Iran Fuel Negotiations: Moving Muddled Goalposts

Moving Goalposts

by Ivanka Barzashka and Ivan Oelrich

A year ago, France, Russia and the U.S.—called the Vienna Group—proposed a deal in which Iran would ship out some of its worrying low-enriched uranium (LEU) in exchange for fuel for its medical isotope reactor, called the Tehran Research Reactor (TRR). These narrow technical discussions about the TRR were meant to serve as a confidence-building effort. The negotiations fell apart because of differences about timing of the exchange of material, but they may be about to restart. A year later, the facts on the ground have changed. These new circumstances may call for new negotiating terms, but changes have to make some sense. Calculations show that numbers recently floated by the State Department seem ad hoc and arbitrary and will not have the touted threat-reduction benefits.

On October 27, The New York Times reported that a senior U.S. official believed that the Vienna Group were “very close to having an agreement” on how the original fuel swap offer, made in October 2009, should be changed. One of the new terms would be an increase in the amount of LEU provided from 1,200 kg to 2,000 kg. The State Department explained a day later that “the proposal would have to be updated reflecting ongoing enrichment activity by Iran over the ensuing year.” Iran’s larger LEU stockpile changes Washington’s threat-reduction calculus, which ultimately undermines the confidence-building aspect of the deal.

Another new circumstance is Iran’s production of 20 percent enriched uranium, ostensibly to produce TRR fuel domestically.  This is a worrying development because, compared to LEU, a stockpile of 20 percent material would cut by half Iran’s time to a bomb.

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Nonsense about New START and ICBMs

Because of what appears to have been a computer glitch, a group of nuclear-armed intercontinental ballistic missiles (ICBMs) was temporarily off-line last week and not ready to launch on a moment’s notice. According to an article in The Atlantic, some Republicans have suggested that this means that New START, the nuclear arms control treaty awaiting Senate ratification, is unwise and should be rejected. This assertion is nonsense but is a useful illustration of how much of current nuclear “thinking” is just a holdover from now irrelevant Cold War doctrine. Continue reading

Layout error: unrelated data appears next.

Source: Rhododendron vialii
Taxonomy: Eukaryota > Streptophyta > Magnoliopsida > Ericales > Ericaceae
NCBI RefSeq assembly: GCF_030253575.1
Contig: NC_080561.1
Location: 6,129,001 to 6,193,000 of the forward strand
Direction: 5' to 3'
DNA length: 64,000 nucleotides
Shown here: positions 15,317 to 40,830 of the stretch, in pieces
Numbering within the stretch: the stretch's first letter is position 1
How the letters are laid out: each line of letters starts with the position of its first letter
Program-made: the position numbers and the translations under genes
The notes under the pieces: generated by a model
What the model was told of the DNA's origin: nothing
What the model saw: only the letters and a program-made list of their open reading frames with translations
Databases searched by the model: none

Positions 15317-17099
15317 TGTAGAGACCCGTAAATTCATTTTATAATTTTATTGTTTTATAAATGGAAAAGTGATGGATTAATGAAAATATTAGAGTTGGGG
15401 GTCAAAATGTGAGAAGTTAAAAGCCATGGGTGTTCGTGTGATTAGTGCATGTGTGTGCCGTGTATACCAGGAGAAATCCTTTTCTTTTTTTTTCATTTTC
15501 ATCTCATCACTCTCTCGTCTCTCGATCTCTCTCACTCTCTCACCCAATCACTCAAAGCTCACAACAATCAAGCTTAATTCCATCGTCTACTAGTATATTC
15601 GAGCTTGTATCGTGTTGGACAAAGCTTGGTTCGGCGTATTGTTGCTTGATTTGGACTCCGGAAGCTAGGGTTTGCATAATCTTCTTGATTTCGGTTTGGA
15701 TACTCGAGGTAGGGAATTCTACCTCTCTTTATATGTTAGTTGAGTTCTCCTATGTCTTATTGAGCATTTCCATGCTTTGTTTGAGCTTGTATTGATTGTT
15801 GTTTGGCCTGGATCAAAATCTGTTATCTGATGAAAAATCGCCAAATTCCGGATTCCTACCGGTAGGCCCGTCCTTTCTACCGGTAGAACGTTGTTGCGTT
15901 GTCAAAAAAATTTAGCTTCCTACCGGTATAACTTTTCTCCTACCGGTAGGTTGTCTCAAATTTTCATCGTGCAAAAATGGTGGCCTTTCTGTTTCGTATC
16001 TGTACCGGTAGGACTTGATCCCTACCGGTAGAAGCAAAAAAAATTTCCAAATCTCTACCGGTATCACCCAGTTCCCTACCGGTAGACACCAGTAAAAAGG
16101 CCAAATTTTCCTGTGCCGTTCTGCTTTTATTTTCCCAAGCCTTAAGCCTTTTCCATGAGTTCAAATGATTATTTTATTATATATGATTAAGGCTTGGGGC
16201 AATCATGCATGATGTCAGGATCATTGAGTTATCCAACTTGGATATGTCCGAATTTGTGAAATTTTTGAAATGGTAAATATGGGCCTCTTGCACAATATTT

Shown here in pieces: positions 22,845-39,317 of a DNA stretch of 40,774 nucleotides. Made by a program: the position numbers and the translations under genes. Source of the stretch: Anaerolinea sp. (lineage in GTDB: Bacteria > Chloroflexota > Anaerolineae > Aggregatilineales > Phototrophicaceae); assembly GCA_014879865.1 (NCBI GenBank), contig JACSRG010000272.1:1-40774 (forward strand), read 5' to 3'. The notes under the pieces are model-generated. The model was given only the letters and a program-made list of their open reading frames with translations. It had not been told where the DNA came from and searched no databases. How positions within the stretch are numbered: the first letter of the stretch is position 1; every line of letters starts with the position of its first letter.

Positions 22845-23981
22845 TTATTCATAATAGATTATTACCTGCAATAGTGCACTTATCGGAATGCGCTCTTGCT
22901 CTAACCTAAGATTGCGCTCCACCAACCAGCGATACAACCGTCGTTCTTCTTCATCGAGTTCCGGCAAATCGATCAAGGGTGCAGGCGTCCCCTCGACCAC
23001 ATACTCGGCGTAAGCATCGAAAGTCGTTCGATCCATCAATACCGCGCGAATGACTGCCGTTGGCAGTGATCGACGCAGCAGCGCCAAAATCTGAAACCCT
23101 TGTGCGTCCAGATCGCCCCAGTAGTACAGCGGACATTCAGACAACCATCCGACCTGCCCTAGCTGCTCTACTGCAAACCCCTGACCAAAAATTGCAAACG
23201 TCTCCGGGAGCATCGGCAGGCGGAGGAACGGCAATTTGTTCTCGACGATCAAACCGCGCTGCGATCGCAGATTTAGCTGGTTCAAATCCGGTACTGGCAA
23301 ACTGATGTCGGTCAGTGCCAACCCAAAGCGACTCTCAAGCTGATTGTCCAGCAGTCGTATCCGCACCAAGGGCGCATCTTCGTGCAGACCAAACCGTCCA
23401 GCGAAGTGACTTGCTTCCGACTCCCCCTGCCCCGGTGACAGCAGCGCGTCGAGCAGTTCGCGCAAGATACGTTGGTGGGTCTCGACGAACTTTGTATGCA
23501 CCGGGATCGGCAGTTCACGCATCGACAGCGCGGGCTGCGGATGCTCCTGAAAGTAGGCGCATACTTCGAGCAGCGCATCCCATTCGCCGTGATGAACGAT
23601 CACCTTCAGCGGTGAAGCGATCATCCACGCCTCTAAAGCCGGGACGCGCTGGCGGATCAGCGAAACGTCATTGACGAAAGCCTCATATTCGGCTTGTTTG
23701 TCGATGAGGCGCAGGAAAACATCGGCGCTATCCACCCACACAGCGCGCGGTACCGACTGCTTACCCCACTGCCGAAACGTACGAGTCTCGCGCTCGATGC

ODNI Issues New Security Standards for Intel Facilities

The Office of the Director of National Intelligence has issued new standards for the construction of Sensitive Compartmented Information Facilities (SCIFs).

SCIFs (pronounced “skiffs”) are rooms, vaults, or even entire buildings that are specially constructed and certified for the handling and storage of classified intelligence information known as Sensitive Compartmented Information (SCI).

The total number of SCIFs around the country and the world is not known, but is likely to be in the thousands. Each of them must be formally inspected and approved (or “accredited”) for handling intelligence information and protecting it against loss, theft, unauthorized disclosure, electronic interception or other forms of compromise.

The adoption of new uniform standards for all SCIFs, including existing facilities and new construction, is intended “to enable information sharing to the greatest extent possible.”  So “Any SCIF that has been accredited by an IC element… shall be reciprocally accepted for use as accredited by all IC elements….”

Copies of the new standards are available on the Federation of American Scientists website.  See “Physical and Technical Security Standards for Sensitive Compartmented Information Facilities” (pdf), Intelligence Community Standard Number 705-1, September 17, 2010, and “Standards for the Accreditation and Reciprocal Use of Sensitive Compartmented Information” (pdf), Intelligence Community Standard Number 705-2, September 17, 2010.

The Standards were signed by former Assistant DNI David R. Shedd, who became Deputy Director of the Defense Intelligence Agency on September 20, 2010.

Information Sharing: Feast or Famine

Sharing of intelligence and other sensitive information within government and with selected private sector entities remains a work in progress.  Depending on one’s perspective, there is too little sharing, or too much, or else the right stuff is not being shared.

J. Alan Orlob, the Vice President for Corporate Security at Marriott Hotels, told Congress last year (in a newly published hearing volume) that there was still plenty of room for improvement, and illustrated his point with an anecdote.

“After the bombing of the JW Marriott Hotel in Jakarta, Indonesia [in 2003],” he recalled, “the C.I.A. reached out to me to give me a briefing on the terrorist group, Jemaah Islamiya.  I was impressed that they would do so.  However, during the briefing, the information that I was being presented was so vague and obtuse that I began correcting the briefer.  Again, the information that we needed was not being shared. We do not need specifics and names of individuals. We do need to understand terrorist group history, methods, and means.  Only in that way, can we ensure that we are employing proper countermeasures to deter or mitigate an incident.”

See “Lessons from the Mumbai Terrorist Attacks, Parts I and II” (pdf), hearings before the Senate Homeland Security and Governmental Affairs Committee, January 8 and 28, 2009 (published October 2010).